Another good way to pick up Welsh is Kate Roberts' short stories, perhaps Ffair Gaeaf. Be warned - it's mostly Northern Welsh!!!!!! Which is actually arguably closer to Standard Welsh than the relaxed slang we spew in the South!!!!!

Oh, and don't forget Gwyn Thomas' poetry. Perhaps Wmgawa. His poetry is very accessible. Little grammar at all. He doesn't use verbs much, so you don't get lost in unnecessary drivel.


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susieq76 
Posted: 22-Apr-2005, 03:38 PM
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That is great! I am off to the library today, and will see if they have those. Thanks! I have read "Taliesin" by Stephen Lawhead, but it is probably not the same....
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gwenynen 
Posted: 27-Apr-2005, 10:25 AM
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What do you say about Dylan Thomas, Siarls? I won't give my opining till I know yours.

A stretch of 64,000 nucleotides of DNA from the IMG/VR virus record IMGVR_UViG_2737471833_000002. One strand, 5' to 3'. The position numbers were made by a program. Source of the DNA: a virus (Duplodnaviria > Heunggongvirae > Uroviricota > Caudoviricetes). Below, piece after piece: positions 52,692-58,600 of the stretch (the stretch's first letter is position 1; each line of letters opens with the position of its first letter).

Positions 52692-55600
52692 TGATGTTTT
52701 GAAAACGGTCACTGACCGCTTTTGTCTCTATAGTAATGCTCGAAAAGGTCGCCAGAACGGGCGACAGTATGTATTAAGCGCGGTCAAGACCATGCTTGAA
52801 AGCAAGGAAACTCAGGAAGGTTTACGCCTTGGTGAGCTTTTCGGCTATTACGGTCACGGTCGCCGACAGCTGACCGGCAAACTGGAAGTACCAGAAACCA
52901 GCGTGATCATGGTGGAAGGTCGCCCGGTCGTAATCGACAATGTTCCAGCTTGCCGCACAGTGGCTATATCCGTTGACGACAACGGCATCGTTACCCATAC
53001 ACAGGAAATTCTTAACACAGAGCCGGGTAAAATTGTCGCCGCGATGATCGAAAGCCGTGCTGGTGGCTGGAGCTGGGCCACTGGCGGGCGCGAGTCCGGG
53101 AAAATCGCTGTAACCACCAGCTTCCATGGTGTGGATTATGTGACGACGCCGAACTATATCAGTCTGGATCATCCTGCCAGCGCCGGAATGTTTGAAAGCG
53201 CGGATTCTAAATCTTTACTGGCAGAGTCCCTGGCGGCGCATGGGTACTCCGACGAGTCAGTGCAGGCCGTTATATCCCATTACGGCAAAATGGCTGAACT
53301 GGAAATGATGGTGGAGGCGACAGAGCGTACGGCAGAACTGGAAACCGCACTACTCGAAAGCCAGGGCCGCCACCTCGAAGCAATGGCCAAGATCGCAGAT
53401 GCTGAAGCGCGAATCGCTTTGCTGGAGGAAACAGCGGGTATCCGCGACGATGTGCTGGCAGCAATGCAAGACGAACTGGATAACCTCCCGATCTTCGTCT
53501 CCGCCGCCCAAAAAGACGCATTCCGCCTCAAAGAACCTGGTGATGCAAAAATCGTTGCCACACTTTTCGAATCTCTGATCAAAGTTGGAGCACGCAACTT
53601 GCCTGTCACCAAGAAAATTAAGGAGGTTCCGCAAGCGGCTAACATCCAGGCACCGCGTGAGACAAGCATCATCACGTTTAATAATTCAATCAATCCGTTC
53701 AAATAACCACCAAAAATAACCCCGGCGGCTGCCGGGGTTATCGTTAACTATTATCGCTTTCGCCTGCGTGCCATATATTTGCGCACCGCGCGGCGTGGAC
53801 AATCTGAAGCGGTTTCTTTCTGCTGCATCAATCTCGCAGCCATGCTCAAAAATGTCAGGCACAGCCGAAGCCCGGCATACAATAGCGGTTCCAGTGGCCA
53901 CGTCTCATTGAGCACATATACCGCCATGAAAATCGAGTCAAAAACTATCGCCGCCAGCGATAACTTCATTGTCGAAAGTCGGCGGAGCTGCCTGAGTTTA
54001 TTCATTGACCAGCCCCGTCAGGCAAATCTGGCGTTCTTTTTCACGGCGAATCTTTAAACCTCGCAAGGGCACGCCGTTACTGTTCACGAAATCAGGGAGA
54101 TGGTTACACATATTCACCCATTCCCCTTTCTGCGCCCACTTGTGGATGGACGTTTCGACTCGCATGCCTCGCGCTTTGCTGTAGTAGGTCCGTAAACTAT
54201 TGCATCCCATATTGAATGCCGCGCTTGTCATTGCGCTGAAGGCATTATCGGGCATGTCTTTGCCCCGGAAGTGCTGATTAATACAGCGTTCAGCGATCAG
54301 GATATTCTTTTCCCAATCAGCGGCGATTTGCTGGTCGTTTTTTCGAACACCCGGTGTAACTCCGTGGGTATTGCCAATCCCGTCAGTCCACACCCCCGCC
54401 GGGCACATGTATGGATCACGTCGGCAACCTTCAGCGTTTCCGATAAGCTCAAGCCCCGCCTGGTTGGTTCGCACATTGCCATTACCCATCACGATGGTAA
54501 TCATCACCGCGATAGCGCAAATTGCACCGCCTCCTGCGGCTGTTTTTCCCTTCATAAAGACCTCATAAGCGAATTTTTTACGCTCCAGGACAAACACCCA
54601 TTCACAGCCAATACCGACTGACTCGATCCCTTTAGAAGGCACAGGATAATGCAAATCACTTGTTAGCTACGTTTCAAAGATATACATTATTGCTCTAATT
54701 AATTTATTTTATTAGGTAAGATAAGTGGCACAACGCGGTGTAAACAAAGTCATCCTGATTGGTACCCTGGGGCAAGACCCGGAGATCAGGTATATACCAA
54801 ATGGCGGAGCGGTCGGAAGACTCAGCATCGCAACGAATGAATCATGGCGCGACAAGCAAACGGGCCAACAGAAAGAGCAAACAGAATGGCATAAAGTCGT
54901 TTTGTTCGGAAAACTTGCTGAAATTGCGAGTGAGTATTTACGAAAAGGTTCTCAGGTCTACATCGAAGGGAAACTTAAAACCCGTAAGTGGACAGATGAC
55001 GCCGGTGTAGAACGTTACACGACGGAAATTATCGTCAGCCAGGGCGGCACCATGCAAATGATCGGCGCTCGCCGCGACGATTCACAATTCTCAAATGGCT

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Siarls 
Posted: 27-Apr-2005, 01:17 PM
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Well, I'm afraid I don't like Dylan Thomas. Swansea County Council have quotes from his poetry on everything - vans, posters, letters. But, even though Swansea is eager to claim him as our own - it's only because he's so famous. Otherwise, most Swansea people dislike him. We know him for the Welsh-hating, alcoholic wife beater that he was.
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gwenynen 
Posted: 27-Apr-2005, 08:53 PM
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I'm relieved to hear that as I don't like his works except "A Child's Christmas in Wales." But I didn't want to say anything negative about him to someone from Swansea.